Board declines to hold special election in Oklahoma 2nd Congressional District
Relying on advice from the Oklahoma attorney general’s office, the board voted 3-0 to certify the results of this and all general election contests, with the exception of a judge’s race in which a recount is to be held.
The Oklahoma Democratic Party has called for a special election in the district, which covers most of rural eastern Oklahoma. Wallace Collins, chairman of the state Democratic Party, said the party would consider a lawsuit to challenge the board’s decision.
“We will pursue our legal options to this issue because we don’t think it’s being handled correctly,” Collins said. “I understand what they’re doing but I think they’ve been given bad advice.”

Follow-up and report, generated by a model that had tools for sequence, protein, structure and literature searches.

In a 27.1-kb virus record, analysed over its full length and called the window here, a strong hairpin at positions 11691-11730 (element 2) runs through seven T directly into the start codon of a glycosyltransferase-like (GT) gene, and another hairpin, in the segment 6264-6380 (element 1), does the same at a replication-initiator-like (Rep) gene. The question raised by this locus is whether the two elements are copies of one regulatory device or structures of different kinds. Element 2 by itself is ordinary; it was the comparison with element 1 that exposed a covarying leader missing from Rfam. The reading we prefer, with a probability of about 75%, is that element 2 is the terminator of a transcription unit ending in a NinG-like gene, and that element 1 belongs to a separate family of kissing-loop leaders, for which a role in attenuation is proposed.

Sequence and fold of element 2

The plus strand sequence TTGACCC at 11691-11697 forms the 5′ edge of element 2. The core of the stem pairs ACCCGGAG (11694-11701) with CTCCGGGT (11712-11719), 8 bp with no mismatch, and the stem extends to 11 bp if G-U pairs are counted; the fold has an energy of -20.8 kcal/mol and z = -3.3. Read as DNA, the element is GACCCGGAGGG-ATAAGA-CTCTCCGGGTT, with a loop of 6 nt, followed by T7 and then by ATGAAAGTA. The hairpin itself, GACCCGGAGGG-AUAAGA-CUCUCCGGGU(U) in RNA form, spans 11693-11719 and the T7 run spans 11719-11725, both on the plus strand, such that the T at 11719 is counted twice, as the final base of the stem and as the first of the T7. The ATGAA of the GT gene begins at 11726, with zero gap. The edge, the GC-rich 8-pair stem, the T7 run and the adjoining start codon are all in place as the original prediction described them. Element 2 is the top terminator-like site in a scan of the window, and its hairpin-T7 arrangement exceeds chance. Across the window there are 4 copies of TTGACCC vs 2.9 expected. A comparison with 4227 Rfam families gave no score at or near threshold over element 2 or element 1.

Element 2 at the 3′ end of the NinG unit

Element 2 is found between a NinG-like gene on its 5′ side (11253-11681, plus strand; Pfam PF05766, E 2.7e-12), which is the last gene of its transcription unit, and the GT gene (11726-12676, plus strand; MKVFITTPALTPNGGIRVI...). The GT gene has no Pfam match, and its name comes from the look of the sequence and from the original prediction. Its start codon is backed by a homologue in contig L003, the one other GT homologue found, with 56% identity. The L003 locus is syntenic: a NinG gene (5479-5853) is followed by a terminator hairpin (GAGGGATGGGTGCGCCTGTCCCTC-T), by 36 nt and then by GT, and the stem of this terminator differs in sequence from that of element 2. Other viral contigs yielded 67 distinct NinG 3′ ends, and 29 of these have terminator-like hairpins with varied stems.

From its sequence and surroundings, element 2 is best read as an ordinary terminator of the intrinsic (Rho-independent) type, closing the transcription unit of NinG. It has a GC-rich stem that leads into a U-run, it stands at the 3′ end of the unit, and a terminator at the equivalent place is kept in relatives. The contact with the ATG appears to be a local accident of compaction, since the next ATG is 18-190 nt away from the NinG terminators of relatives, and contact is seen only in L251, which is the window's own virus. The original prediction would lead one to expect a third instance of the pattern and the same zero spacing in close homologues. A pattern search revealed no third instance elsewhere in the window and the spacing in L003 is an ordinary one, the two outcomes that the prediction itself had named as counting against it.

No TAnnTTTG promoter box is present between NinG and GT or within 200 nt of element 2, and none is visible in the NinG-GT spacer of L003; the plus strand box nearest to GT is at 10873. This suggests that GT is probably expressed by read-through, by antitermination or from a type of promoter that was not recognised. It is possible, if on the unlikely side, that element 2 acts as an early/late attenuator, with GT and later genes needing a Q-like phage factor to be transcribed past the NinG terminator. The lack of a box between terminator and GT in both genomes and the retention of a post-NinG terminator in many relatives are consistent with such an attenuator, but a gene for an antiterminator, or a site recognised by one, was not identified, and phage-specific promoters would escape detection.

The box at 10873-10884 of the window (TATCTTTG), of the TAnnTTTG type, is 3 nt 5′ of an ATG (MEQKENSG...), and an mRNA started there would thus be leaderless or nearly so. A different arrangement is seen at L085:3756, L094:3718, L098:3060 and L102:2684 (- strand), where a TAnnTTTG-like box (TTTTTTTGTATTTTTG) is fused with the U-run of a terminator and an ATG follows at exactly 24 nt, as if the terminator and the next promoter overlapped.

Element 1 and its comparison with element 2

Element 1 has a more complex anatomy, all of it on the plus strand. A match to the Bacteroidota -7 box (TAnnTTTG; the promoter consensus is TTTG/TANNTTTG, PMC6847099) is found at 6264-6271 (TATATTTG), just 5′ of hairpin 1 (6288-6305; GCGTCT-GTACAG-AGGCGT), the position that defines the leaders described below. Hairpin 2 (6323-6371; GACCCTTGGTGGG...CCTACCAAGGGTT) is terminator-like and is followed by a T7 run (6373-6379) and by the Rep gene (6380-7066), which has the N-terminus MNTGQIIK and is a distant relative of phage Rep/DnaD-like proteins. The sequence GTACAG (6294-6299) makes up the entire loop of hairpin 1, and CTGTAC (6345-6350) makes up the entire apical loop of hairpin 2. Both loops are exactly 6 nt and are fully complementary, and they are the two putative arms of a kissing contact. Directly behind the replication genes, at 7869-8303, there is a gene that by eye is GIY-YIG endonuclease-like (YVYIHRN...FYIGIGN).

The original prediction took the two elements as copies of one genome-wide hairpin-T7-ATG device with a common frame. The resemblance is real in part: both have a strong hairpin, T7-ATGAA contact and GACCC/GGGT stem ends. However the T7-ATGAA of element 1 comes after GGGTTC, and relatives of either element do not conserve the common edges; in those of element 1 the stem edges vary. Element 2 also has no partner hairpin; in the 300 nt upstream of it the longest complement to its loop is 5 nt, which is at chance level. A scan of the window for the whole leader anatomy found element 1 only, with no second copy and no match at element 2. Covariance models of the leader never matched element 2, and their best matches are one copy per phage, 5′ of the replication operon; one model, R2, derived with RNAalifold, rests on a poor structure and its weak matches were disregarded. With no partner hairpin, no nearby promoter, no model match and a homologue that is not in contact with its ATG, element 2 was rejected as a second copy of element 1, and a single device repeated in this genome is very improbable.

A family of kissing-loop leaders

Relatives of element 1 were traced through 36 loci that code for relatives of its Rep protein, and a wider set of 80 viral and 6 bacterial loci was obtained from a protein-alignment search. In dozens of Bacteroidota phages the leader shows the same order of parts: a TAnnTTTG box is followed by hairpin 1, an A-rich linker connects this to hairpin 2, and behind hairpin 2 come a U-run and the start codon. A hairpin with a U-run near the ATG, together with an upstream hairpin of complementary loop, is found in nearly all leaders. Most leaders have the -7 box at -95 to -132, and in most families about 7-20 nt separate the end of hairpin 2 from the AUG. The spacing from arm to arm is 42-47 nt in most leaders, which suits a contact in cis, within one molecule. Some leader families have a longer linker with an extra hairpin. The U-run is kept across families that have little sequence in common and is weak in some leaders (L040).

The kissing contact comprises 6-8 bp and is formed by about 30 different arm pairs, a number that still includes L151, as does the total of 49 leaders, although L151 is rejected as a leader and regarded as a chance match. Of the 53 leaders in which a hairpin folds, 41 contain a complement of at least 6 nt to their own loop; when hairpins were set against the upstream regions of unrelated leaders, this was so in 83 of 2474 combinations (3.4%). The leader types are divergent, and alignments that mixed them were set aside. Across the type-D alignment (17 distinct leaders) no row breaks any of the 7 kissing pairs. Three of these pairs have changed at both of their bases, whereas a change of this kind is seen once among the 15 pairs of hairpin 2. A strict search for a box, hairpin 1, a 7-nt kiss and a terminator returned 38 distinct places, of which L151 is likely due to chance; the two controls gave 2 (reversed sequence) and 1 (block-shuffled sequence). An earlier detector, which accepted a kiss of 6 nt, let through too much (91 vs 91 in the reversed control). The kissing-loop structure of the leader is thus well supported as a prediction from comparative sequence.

Collins said he thought Attorney General Scott Pruitt, a Republican, “was predisposed to giving the opinion that was given today.”
The attorney general’s office found that federal law applying to congressional races trumps a state law that allows for a special election in a case in which a candidate dies shortly before election day.
Federal law says the general election for U.S. representatives shall be on the Tuesday following the first Monday in November — or Nov. 4 this year. Therefore, to hold a special election on a different date, as envisioned in the state law, would be impermissible in this contest, the attorney general’s office said.
Federal law does allow a state to hold a special election for a congressional office on another date in the case of the death of the winner of the election, but in this case the person who died also lost the election.
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